Thiopentone versus propofol-anaesthetic of choice in patients undergoing modified electroconvulsive therapy

Vigil Peter, Sumesh Mathew, Tom Thomas


Background: The use of electroconvulsive therapy (ECT) as a treatment modality has increased over the recent years. This is largely due to the use of general anaesthetics, which reduces the physical and psychological trauma associated with the procedure. We attempted to compare the hemodynamic variations and recovery characteristics, along with their effect on seizure quality in patients induced with Thiopentone /Propofol, for Modified ECT.

Methods: This was a prospective, randomised controlled study, involving 80 patients. Patients in group 1 received Thiopentone 5 mg/kg, while patients in group 2 received Propofol 1 mg/kg. The hemodynamic status and recovery status were monitored in both the groups for the first thirty minutes. Seizural duration were also recorded. Data was analysed using Students t-test and Pearson Chi-square test.

Results: The induction time as well as recovery time was found to be significantly lesser (p <0.05) in the propofol group. The hemodynamic response to was blunted and returned to baseline levels within 10-15 minutes after ECT in the propofol group, whereas it persisted even after 30 minutes in the thiopentone group. There was however, no significant difference in the duration of the seizural activity(p> 0.05).

Conclusions: The quick and smooth induction, transient changes in hemodynamics, rapid recovery profile and minimal effects on the seizure quality altogether makes Propofol the preferred anaesthetic agent in Modified ECT.


Anaesthetics, Electroconvulsive therapy, Intravenous, Propofol, Prospective studies, Thiopentone

Full Text:



Task Force on Electroconvulsive therapy: Recommendations for treatment, training and privileging - Washington DC: American Psychiatric Association; 2001.

Cerletti U, Bini L. Electroshock article. Acad Med. 1938;64:136.

Chanpattana W. The origins of electroconvulsive therapy. J Psychiatr Assoc Thailand. 2000;45:371-80.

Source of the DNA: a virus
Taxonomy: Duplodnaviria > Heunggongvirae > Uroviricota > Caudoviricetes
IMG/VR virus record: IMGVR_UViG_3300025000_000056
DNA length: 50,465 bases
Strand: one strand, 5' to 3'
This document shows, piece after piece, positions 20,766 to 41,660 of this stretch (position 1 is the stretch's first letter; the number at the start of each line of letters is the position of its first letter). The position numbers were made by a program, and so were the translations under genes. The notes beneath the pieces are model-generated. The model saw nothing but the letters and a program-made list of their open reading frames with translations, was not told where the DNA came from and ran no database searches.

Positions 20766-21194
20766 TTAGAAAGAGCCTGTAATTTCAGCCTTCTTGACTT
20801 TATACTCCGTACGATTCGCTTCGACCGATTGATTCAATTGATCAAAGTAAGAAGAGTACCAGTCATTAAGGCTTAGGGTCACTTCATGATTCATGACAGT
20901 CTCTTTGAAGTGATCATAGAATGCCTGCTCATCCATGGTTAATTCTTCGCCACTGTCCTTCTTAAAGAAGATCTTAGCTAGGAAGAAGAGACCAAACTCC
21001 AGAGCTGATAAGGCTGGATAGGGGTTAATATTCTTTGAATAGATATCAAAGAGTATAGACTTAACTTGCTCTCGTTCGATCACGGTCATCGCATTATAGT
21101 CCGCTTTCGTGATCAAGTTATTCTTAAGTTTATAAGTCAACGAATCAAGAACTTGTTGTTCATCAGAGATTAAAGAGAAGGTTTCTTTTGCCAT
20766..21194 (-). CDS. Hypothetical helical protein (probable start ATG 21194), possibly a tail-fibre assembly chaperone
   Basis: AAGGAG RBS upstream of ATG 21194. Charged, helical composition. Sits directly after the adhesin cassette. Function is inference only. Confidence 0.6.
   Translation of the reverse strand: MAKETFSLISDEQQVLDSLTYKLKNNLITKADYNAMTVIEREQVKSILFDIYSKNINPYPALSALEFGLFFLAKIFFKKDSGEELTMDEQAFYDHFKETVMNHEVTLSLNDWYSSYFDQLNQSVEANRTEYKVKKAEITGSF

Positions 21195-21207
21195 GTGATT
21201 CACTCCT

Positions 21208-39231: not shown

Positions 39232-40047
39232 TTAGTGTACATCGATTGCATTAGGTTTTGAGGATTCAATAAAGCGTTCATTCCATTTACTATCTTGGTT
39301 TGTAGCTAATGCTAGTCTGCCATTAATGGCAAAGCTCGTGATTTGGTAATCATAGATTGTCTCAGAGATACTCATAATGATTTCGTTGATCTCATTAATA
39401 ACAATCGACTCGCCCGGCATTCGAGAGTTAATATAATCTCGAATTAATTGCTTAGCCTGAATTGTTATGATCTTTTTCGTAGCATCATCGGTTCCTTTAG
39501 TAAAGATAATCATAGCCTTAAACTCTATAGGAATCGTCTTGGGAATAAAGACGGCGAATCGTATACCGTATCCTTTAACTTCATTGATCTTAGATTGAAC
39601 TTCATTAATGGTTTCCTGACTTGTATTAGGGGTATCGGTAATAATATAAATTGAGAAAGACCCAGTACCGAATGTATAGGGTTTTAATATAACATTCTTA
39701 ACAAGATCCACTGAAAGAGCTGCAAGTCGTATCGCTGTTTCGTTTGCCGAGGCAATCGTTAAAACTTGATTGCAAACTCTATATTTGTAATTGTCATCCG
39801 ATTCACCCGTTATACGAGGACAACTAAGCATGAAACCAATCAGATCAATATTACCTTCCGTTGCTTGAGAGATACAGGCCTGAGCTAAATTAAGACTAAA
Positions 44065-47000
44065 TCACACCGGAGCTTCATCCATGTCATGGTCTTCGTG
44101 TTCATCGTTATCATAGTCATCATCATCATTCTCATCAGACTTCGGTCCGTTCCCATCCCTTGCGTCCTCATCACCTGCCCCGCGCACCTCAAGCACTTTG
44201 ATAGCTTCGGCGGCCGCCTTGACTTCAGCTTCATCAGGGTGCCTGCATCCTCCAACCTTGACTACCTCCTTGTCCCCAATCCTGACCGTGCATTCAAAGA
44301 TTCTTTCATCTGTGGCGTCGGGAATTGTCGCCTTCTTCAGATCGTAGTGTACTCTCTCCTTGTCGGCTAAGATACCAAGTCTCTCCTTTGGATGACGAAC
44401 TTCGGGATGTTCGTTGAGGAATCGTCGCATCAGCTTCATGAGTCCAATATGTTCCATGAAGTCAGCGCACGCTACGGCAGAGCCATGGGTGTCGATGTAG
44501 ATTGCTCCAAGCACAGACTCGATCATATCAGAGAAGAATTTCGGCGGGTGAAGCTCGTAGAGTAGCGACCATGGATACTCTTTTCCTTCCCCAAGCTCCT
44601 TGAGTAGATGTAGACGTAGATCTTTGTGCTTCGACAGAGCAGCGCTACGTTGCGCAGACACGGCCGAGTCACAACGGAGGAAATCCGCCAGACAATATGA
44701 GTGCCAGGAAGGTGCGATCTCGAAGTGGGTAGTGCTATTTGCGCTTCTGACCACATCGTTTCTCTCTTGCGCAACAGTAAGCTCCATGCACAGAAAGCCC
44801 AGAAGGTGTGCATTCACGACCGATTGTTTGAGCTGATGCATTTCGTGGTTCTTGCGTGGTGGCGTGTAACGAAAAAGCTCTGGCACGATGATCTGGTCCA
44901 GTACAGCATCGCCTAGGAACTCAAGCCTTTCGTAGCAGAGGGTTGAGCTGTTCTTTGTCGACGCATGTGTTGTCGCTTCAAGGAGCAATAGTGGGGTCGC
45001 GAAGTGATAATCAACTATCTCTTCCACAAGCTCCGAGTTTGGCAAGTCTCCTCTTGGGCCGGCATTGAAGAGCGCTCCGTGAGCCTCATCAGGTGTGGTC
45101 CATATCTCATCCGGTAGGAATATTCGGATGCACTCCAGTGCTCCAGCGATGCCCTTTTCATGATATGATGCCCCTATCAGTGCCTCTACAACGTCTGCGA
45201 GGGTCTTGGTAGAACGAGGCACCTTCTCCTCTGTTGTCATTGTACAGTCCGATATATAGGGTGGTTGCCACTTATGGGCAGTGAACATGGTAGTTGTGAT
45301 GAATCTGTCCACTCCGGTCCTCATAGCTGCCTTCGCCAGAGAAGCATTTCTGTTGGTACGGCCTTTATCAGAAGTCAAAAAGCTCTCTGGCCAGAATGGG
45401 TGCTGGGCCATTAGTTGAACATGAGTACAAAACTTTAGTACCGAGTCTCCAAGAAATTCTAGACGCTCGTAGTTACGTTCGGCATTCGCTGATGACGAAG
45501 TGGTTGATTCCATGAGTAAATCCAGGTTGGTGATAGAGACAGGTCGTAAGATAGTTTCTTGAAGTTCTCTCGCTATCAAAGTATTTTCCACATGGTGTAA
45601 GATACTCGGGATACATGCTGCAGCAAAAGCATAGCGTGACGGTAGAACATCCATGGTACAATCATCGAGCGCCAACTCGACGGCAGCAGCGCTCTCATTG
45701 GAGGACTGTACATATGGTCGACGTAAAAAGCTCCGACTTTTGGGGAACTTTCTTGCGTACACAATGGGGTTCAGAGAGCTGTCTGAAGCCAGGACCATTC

Shah PJ, Dubey KP, Watti C, Lalwani J. Effectiveness of thiopentone, propofol and midazolam as an ideal intravenous anaesthetic agent for modified electroconvulsive therapy: A comparative study. Indian J Anaesth. 2010;54(4):296-301.

Office of Mental Health. Electroconvulsive therapy: Clinical indications. New York state, 2007

Chittaranjan A, Shah N, Tharyan P, Reddy MS, Thirunavukarasu M, Kallivayalil RA, Nagpal R, Bohra NK, Sharma A, Mohandas E. Position statement and guidelines on unmodified ECT. Indian J Psychiatry. 2012;54(2):119-33.

Rao SS, Daly JW, Sewell DD. Falls associated with ECT among the geriatric population-a case report. JECT. 2008;24:173-5.

Arya A, Singh M, Gurwara AK. A comparison of thiopentone sodium, propofol and midazolam for electroconvulsive therapy. J Anaesthesiol Clin Pharmacol. 2008;24:291-4.

Omprakash TM, Ali MI, Anand B, Devi MG, Surender P. Comparison of thiopentone sodium and propofol in ECT anaesthesia. Indian J Psycho Med. 2008;30:48-50.

Hoyer C, Kranaster L, Janke C, Sartorius A. Impact of the anaesthetic agents ketamine, etomidate, thiopental and propofol on seizure parameters and seizure quality in electroconvulsive therapy: a retrospective study. European Archives Psychiatry Clinical Neuroscience. 2014;264(3):255.

Bolaji B, Omosofe F, Kolawole I, Makanjuola A. Comparative Effects of the haemodynamic responses of modified versus unmodified electroconvulsive therapy in Nigerians. Internet J Anaesthesiology. 2012;30(3):4169.